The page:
Consumer Column

Attorney General Jeff Landry Offers Info to Understand How and When Mortgage Lenders Release Insurance Money

BATON ROUGE, LA – Many homeowners and businesses are struggling with the cost of rebuilding from the August floods as they wait for mortgage companies to release their insurance settlements more than three months after the natural disaster. Attorney General Jeff Landry is reminding consumers that mortgage servicers are bound by requirements set by mortgage companies Fannie Mae and Freddie Mac that require money to be held in escrow accounts and released in installments as work progresses. 

“Unfortunately, the Fannie Mae and Freddie Mac rules make getting insurance settlements a frustrating and slow process for our Louisiana consumers hardest hit by the floods,”  said General Landry. “Insurance companies routinely make settlement checks out to both homeowners and their mortgage lender or loan servicer, which collects payments for mortgage bond investors. Those damaged homes are collateral for loans.” 

General Landry said mortgage servicers can use some discretion in releasing settlement money.  He added that homeowners should contact his office if their mortgage servicers are moving too slowly, “we want repairs to get done and get families living in their homes again.”

General Landry offered the following breakdown of information on how and when mortgage lenders release insurance money based on the requirements set by Fannie Mae and Freddie Mac:

Requirements for Using a Contractor

For a mortgage loan that is current or less than 31 days delinquent at the time the mortgage servicer receives notification of damage to the property:
  • If the insurance loss proceeds are less than $40,000, the mortgage servicer is authorized to determine if a licensed contractor is required to restore or repair the property.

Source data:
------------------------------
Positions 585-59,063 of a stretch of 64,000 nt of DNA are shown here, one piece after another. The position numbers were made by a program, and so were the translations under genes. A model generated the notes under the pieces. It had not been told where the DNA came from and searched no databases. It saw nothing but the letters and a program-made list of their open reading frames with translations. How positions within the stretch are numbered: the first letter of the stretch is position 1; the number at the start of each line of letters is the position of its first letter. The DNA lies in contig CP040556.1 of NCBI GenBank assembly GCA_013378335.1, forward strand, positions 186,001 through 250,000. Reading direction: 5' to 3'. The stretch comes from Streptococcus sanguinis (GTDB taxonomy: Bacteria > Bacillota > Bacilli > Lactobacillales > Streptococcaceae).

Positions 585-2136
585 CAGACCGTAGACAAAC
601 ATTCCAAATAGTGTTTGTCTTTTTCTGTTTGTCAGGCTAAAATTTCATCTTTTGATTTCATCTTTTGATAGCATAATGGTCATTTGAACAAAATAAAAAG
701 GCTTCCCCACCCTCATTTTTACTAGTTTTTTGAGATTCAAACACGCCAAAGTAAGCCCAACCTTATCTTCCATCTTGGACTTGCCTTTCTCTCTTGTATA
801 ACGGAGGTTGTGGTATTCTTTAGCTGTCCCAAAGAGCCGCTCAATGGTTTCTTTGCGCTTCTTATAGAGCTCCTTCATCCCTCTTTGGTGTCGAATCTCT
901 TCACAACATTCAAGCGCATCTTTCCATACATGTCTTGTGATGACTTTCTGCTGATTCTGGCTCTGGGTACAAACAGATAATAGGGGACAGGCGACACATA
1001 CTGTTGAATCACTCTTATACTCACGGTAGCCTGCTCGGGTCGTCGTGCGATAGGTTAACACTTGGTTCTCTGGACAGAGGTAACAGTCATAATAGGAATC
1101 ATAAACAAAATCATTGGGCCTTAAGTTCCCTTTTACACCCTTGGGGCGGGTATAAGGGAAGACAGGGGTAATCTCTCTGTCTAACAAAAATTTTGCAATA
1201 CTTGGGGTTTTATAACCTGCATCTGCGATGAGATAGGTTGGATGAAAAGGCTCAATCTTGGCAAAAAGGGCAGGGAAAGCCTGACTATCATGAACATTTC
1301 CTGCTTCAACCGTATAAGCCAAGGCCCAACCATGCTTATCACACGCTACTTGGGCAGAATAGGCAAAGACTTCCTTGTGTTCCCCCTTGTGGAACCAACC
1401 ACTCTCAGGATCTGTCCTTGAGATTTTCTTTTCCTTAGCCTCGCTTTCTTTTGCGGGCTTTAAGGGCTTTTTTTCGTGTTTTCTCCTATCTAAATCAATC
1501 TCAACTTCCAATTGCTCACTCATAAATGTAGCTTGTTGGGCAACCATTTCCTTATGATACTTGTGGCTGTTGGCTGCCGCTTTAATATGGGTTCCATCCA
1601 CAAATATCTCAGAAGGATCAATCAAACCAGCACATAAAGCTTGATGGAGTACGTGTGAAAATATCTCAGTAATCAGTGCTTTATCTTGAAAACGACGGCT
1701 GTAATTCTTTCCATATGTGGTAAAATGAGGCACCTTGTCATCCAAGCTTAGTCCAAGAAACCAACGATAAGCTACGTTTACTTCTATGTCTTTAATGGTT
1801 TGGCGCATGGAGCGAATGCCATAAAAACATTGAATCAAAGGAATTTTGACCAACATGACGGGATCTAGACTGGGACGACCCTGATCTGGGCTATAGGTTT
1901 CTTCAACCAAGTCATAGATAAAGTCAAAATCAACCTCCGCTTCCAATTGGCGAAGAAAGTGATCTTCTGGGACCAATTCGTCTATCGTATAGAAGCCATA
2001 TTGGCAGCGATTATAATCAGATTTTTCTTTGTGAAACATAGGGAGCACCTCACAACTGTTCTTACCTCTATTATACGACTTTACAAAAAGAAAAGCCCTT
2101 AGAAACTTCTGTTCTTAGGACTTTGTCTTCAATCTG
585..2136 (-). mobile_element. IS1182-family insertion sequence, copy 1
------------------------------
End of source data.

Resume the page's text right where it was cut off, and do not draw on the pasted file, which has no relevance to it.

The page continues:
• If the insurance loss proceeds are $40,000 or greater, the mortgage servicer must require that a licensed contractor is used to restore or repair the property.

Requirements for Releasing the Insurance Loss Proceeds

  • If the insurance loss proceeds are up to $20,000, the mortgage servicer must release the insurance loss proceeds payable to only the borrower.
  • If the insurance loss proceeds exceed $20,000, the mortgage servicer must release the insurance loss proceeds payable to both the borrower and contractor.

Requirements for Delinquent Loans


For a mortgage loan that is 31 days or more delinquent at the time the mortgage servicer receives notification of damage to the property:
  • The mortgage servicer must ensure a licensed contractor is used to restore or repair the property.
  • The mortgage servicer must release insurance loss proceeds payable to both the borrower and contactor.   If the borrower has made advance payments to the contractor, then the servicer may release the insurance loss proceeds payable to the borrower only if the borrower provides the servicer with invoices demonstrating the advance payments and that the work has been completed.

Borrowers should contact their mortgage servicers for specifics as details may vary from institution to institution. And for more consumer tips, visit www.AGJeffLandry.com or call Attorney General Landry’s Consumer Protection Hotline at 800-351-4889.

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Coming soon, the attorney's general office seeks to provide a mechanism by which to take online payments for collections.